SUMMARY OF THE INVENTION

The invention provides a lubricant composition comprising:

a) an oxidized, low viscosity wax having a melt viscosity of less than or equal to about 100 centipoise at 140 C., an acid number of from about 7 to about 24 mg KOH/gram, a weight average molecular weight of less than about 1500, a number average molecular weight of less than about 800, and a polydispersity index of at least about 3.5; and said wax comprising a substantially linear polymer; and
b) at least one metal salt, which metal salt comprises a reaction product of the reaction of a metal oxide or a metal hydroxide with a fatty acid, and which metal salt comprises at least about 30% by weight of the lubricant composition; and wherein said lubricant composition has a viscosity of less than about 450 cps at 140 C.

The invention also provides a process for forming a lubricant composition comprising:

a) providing a wax melt comprising at least one oxidized, low viscosity wax, said oxidized, low viscosity wax having a melt viscosity of less than or equal to about 100 centipoise at 140 C., an acid number of from about 7 to about 24 mg KOH/gram, a weight average molecular weight of less than about 1500, a number average molecular weight of less than about 800, and a polydispersity index of at least about 3.5; and said wax comprising a substantially linear polymer; and thereafter performing either b) or c);
b) blending at least one metal salt into said wax melt, which metal salt comprises a reaction product of the reaction of a metal oxide or a metal hydroxide with a fatty acid, and which metal salt comprises at least about 30% by weight of the lubricant composition; or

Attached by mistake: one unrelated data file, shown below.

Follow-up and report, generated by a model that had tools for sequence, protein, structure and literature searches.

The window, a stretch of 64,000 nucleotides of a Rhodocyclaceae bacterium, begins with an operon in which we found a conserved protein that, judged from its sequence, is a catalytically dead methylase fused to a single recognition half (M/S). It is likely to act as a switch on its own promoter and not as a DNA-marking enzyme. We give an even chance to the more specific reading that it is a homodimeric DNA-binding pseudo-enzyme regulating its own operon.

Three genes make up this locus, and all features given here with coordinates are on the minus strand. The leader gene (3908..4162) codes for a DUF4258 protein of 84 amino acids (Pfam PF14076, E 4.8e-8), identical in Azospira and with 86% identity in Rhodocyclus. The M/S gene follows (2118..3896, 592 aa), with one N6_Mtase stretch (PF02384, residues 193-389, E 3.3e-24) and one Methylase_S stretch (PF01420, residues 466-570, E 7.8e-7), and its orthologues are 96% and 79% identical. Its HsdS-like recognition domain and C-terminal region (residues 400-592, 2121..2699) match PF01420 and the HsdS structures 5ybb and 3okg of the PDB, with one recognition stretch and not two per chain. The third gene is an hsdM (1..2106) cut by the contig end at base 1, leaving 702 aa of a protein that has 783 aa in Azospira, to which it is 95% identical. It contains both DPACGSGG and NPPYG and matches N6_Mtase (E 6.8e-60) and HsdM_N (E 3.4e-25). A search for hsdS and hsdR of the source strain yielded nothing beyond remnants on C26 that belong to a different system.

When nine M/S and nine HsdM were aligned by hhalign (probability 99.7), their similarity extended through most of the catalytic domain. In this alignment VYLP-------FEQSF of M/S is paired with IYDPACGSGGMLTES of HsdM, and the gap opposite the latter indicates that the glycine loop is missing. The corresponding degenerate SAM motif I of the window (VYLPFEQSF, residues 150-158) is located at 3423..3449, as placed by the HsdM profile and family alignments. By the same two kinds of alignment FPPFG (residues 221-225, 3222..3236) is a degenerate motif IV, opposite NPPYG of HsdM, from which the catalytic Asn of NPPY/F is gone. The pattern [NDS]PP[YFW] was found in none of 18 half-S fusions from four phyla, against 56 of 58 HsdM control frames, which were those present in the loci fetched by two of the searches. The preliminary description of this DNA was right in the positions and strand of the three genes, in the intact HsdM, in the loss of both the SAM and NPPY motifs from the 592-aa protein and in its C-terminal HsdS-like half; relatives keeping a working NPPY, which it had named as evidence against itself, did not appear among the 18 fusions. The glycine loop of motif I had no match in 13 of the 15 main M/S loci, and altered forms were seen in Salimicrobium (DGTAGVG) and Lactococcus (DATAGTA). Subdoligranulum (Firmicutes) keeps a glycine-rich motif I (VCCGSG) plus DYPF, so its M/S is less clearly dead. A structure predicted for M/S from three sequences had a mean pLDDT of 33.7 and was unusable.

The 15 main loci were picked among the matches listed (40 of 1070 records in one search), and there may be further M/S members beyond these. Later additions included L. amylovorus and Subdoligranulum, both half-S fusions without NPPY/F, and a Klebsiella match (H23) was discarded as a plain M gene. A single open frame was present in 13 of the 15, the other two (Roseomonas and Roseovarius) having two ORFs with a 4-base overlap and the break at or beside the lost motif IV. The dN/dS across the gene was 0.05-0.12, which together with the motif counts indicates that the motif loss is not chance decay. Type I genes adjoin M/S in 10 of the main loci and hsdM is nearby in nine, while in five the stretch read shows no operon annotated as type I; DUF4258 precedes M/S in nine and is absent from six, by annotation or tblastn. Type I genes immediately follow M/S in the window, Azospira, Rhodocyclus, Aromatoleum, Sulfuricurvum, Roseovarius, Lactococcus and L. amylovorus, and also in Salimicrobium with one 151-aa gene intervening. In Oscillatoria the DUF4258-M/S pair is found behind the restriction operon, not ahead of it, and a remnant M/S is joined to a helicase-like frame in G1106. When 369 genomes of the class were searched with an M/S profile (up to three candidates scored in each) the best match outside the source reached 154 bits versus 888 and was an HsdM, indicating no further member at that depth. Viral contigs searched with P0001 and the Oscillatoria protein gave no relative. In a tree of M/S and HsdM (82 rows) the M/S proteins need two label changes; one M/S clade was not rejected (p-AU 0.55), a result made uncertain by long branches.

c) reacting a fatty acid with either a metal oxide or a metal hydroxide in said wax melt, under conditions sufficient to form a metal salt reaction product.

The invention further provides a lubricant composition comprising:

a) from about 10% to about 35% by weight of the composition of at least one oxidized, low viscosity wax, having a melt viscosity of less than or equal to about 100 centipoise at 140 C., an acid number of from about 7 to about 24 mg KOH/gram, a weight average molecular weight of less than about 1500, a number average molecular weight of less than about 800, and a polydispersity index of at least about 3.5; said wax comprising a substantially linear polymer; and wherein said oxidized, low viscosity wax comprises a byproduct composition produced by the polymerization of polyethylene with a Ziegler-type catalyst;
b) from about 5% to about 20% by weight of at least one hydrocarbon wax;
c) from about 1% to about 10% by weight of at least one fatty acid;
d) from about 5% to about 15% by weight of a fatty alcohol or fatty acid ester; and
e) at least one metal salt, which metal salt comprises a product of the reaction of a metal oxide or a metal hydroxide with said fatty acid, and which metal salt comprises at least about 30% by weight of the lubricant composition; and wherein said lubricant composition has a viscosity of less than about 450 cps at 140 C.

DETAILED DESCRIPTION OF THE PREFERRED EMBODIMENTS